Pro­tect­ing free trade

Arab News - - OPINION - Carl Bildt The writer is Swe­den’s for­mer prime min­is­ter. Project Syndicate

RE­CENT po­lit­i­cal dis­course on both sides of the At­lantic has raised a dis­turb­ing ques­tion that is be­com­ing in­creas­ingly dif­fi­cult to dis­miss: Are the US and Europe turn­ing away from the poli­cies of open­ness that have his­tor­i­cally driven their eco­nomic success?

In the US, Don­ald Trump, the pre­sump­tive Repub­li­can nom­i­nee for pres­i­dent, is wag­ing ver­bal war against vir­tu­ally every trade agree­ment his coun­try has ever struck. He has threat­ened to tear up the highly suc­cess­ful North Amer­i­can Free Trade Agree­ment and pledged to block any at­tempt to move for­ward with the re­cently con­cluded Trans-Pa­cific Part­ner­ship (TPP).

Should Trump’s views be­come part of the Repub­li­can Party’s platform, the shift will re­draw the po­lit­i­cal land­scape re­gard­ing free trade. Mean­while, Trump’s likely op­po­nent in the gen­eral elec­tion, Hil­lary Clin­ton, seems to have folded the flag and adopted at least part of the anti-trade tirades of Trump and her left-wing pri­mary op­po­nent, Bernie San­ders. Sud­denly, she has turned against the TPP agree­ment, de­spite having sup­ported it pre­vi­ously. She is op­pos­ing US Pres­i­dent Barack Obama’s ten­ta­tive plan to have it rat­i­fied by Congress im­me­di­ately af­ter the Novem­ber elec­tion.

This be­hav­ior is with­out prece­dent. Never before have the lead­ing con­tenders for the US presidency fu­eled fears that free trade will un­der­mine Amer­ica’s pros­per­ity. Which­ever can­di­date pre­vails in Novem­ber, the con­se­quences are likely to be se­ri­ous.

In Europe, the sit­u­a­tion is only marginally bet­ter. Aus­tria’s en­tire po­lit­i­cal spec­trum has come out firmly against the pro­posed Transat­lantic Trade and In­vest­ment Part­ner­ship (TTIP) be­tween the US and the EU. And pub­lic opin­ion seems to be un­der­go­ing a sim­i­lar shift in Ger­many, a coun­try that owes its af­flu­ence to its success in global mar­kets. Even in the Netherlands, which used to have free trade in its DNA (and would hardly ex­ist with­out it), vo­cal cam­paign­ers are threat­en­ing to hold a ref­er­en­dum to re­ject any trans-At­lantic trade deal.

Given the history of the West, these are per­plex­ing de­vel­op­ments. Europe’s rise be­gan when its ships started to ex­plore the world for new mar­kets and op­por­tu­ni­ties. This un­der­pinned not only rising wealth, but also in­no­va­tion. To open up mar­kets, af­ter all, is also to open up minds.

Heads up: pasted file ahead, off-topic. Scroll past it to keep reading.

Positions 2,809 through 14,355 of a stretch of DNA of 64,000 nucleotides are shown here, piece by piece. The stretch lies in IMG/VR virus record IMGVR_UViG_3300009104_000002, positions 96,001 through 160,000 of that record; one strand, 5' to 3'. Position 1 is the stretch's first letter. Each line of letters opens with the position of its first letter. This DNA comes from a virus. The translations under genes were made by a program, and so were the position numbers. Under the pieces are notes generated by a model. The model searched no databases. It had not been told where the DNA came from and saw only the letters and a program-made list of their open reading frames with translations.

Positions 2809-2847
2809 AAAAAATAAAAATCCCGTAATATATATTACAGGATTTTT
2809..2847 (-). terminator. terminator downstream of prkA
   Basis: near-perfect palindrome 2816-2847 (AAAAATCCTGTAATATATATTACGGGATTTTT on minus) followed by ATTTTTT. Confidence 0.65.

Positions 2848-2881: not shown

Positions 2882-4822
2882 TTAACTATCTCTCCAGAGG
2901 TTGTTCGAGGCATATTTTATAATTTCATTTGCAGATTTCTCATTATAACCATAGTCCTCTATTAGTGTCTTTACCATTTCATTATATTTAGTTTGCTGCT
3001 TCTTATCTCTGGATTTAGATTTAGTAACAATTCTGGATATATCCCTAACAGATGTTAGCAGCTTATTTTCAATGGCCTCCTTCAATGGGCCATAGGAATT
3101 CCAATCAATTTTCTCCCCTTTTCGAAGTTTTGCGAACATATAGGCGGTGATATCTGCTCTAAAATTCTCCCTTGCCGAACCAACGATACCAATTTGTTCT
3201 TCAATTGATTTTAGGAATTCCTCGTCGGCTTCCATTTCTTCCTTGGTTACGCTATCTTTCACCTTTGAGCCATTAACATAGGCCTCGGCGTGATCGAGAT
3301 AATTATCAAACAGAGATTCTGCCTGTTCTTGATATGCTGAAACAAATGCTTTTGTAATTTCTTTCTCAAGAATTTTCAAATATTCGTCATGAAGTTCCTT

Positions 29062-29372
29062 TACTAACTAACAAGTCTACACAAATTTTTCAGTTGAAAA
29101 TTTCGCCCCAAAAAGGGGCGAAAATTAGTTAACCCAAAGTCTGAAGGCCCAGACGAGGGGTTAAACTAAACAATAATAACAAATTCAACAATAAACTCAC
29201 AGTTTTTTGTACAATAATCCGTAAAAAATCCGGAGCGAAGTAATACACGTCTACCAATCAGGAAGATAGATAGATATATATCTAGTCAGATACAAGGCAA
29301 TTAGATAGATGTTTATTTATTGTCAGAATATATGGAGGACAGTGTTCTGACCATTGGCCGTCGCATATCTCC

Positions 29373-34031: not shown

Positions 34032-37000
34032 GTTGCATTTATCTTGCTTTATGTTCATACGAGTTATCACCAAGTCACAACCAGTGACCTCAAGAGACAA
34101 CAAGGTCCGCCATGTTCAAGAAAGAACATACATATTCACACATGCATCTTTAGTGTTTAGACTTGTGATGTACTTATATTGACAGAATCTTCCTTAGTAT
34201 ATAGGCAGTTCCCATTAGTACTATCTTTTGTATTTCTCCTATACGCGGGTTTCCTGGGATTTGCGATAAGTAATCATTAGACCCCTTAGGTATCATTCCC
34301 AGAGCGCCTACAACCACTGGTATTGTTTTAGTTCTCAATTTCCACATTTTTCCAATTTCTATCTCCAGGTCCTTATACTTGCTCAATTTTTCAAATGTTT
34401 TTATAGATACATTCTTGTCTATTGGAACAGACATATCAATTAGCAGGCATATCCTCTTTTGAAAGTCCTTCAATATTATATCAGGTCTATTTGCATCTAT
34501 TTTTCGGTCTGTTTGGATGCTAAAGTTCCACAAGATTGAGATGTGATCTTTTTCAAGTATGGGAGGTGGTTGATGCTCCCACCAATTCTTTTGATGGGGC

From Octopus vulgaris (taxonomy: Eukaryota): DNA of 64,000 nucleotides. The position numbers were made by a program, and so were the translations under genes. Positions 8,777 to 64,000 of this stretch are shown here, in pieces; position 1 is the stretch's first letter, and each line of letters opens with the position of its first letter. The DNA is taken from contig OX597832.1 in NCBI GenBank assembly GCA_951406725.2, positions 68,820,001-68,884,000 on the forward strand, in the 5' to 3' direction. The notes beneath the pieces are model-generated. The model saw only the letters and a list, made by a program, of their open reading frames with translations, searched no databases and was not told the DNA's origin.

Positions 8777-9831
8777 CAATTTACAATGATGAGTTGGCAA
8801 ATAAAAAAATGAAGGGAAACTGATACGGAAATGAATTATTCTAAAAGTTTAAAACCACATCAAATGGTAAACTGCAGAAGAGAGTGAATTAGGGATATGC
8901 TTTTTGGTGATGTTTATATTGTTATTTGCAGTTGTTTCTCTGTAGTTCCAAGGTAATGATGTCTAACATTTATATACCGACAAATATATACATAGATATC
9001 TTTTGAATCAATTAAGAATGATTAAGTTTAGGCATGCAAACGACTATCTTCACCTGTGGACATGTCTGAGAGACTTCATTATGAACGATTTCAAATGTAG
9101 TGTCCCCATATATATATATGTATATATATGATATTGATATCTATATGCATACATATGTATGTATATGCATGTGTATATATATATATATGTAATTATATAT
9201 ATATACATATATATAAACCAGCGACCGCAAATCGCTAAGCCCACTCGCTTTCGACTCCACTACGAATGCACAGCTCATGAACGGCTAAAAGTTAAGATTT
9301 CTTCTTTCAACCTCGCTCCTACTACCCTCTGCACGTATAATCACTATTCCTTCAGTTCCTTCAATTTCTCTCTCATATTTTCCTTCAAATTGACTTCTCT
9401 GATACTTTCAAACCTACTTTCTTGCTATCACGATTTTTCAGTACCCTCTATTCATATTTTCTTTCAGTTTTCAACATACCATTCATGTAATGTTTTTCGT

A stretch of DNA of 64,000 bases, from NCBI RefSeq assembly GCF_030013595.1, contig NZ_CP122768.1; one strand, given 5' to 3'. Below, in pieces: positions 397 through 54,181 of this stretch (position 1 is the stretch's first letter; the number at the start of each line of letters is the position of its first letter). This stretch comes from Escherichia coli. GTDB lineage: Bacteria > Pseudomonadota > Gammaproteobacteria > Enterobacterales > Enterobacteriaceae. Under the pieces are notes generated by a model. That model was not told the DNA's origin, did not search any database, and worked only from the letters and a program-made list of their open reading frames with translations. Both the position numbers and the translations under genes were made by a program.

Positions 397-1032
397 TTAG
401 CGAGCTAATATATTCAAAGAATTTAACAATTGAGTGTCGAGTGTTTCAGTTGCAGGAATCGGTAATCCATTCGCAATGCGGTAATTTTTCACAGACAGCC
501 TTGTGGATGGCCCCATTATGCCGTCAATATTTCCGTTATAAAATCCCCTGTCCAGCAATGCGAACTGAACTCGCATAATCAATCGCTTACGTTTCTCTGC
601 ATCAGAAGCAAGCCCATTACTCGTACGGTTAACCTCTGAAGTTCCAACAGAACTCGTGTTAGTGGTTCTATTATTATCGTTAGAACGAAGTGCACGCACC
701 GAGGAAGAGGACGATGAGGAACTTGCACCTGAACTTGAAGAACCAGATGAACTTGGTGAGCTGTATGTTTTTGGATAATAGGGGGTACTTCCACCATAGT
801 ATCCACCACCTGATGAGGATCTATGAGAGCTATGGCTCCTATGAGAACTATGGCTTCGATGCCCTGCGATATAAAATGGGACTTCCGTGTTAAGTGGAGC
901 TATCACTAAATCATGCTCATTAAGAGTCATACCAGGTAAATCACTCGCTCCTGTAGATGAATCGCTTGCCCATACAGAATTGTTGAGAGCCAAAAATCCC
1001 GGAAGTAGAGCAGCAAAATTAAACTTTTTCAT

Sim­i­larly, in the decades since the end of WWII, the se­cu­rity of the West has been built first and fore­most on the eco­nomic success of the US, Western Europe, and Ja­pan — success that was driven by in­te­gra­tion, trade, and in­no­va­tion. Ac­cord­ing to nearly every in­di­ca­tor one can think of, the re­mark­able growth in trade dur­ing the past quar­ter-cen­tury has given mankind some of its best decades ever.

That is why it’s im­pos­si­ble to imag­ine achiev­ing ambitious global de­vel­op­ment goals with­out plac­ing free trade and glob­al­iza­tion at the cen­ter of the strat­egy. If the West, los­ing faith in it­self, turns away from the very prac­tices that made it suc­cess­ful, where does that leave poor and de­vel­op­ing coun­tries?

For­tu­nately, all is not yet lost. But res­cu­ing the West’s trade agenda will re­quire ex­cep­tional lead­er­ship and per­se­ver­ance. This will be a de­ci­sive year. The trade agree­ments in­volv­ing the US, Asia, and Europe are im­por­tant not just in terms of tra­di­tional goods, but also in terms of the free flow of data. While trade in phys­i­cal goods is show­ing signs of stag­na­tion, data flows have in­creased by a fac­tor of 45 dur­ing the last decade. If Obama can en­sure the ratification of the TPP and bring the TTIP ne­go­ti­a­tions to a con­clu­sion, he will have laid the ground­work for fu­ture progress. If he falls short on ei­ther task — or, cat­a­stroph­i­cally, fails on both — the world will face a far more un­cer­tain fu­ture.

Po­lit­i­cal lead­ers who still be­lieve in the West must ded­i­cate them­selves to the de­fense of free trade and the con­struc­tion of an ever more open world. They must do ev­ery­thing they can to pre­vent the in­tro­duc­tion of pro­tec­tion­ist mea­sures and the erec­tion of bar­ri­ers to glob­al­iza­tion.

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